And while a prenup cannot be used in determining child custody, it can be used to settle the question of what sort of compensation will be provided in the event one of the parents leaves the workforce to care for the kids.

Protection Against Spousal Debt

A prenuptial agreement isn’t just about protecting wealth. It can also provide protection against debt liability if you plan to marry someone who carries a lot of debt. The average American household carries roughly $140,000 in debt. Many of today’s college graduates can vouch for the enormous debt load that comes with their diploma, to say nothing of the debts from home, auto, or business loans.

By signing a prenuptial agreement in Texas, each spouse can limit their liability to existing debts carried by the other partner, thereby providing considerable protection.

Let Ramos Family Law Help You Shape This Crucial Document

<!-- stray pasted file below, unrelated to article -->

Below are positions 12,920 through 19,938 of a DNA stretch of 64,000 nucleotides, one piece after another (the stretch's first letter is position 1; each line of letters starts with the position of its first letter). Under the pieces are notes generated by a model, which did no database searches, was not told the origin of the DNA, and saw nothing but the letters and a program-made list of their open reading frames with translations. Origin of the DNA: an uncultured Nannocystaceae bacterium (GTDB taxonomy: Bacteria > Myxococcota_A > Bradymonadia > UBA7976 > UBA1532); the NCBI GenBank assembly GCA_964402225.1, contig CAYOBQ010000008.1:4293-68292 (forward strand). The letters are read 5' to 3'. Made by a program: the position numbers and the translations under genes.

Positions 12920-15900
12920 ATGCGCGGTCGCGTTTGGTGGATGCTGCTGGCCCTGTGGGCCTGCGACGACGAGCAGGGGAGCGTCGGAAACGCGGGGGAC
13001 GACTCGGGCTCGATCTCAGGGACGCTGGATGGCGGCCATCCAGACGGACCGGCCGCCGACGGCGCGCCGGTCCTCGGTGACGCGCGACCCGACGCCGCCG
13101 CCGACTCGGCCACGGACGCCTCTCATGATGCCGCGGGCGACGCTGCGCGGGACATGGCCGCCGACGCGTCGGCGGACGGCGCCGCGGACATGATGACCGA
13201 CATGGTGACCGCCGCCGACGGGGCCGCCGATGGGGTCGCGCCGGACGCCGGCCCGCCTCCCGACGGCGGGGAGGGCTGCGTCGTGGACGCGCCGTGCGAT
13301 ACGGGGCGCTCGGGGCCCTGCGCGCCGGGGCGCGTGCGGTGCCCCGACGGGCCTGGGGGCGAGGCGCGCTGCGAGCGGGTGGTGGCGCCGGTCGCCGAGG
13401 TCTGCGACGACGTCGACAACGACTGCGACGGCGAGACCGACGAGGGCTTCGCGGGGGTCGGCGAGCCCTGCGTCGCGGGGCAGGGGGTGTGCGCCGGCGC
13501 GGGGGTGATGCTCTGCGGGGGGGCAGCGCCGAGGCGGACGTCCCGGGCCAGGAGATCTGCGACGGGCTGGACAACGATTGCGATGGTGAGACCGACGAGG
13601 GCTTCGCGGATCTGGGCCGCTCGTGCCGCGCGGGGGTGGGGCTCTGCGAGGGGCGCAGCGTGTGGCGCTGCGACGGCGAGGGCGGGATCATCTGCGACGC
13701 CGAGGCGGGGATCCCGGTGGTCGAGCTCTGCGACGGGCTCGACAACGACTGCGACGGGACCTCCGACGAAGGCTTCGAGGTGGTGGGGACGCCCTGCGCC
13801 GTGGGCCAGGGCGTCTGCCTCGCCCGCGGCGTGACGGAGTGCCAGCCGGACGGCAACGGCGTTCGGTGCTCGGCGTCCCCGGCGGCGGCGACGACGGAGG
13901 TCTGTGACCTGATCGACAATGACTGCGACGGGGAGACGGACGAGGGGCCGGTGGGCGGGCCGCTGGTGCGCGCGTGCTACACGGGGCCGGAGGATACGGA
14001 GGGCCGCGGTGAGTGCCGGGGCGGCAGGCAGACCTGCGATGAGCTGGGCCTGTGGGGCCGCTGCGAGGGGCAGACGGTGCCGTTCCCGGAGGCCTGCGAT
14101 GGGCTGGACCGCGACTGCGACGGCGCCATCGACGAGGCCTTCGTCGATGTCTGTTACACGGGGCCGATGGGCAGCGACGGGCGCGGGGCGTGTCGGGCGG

While once written off as cynical and cold-hearted, prenuptial agreements have proven to be valuable instruments of personal protection, and today they are growing in popularity.

Prenups must comply with the Texas Family Code and other applicable laws, and must be written carefully so as to minimize the risk of being invalidated or misinterpreted if challenged.

Ramos Law Group has years of experience in drafting and negotiating these contracts. Contact us today to discuss your situation.

There are seven different grounds for divorce in Texas state law. In order for a divorce to be granted by the court, at least one of these seven conditions must have been met.

There are two types of divorce grounds in the Texas Family Code: a “fault” divorce and a “no-fault” divorce.

Special Note

A “fault” versus “no-fault” divorce is not the same thing as a contested divorce versus an uncontested divorce, where the spouses either do or do not have any disputes about dividing property, child custody, and making support payments.

No-Fault Grounds for Divorce

A “no-fault” divorce grounds occurs when neither spouse is found not to have actively done anything wrong to undermine the marriage, but the marriage has still failed anyway. No-fault divorces tend to be quicker and less expensive, with a more equal division of shared assets. There are three no-fault grounds for divorce in Texas law: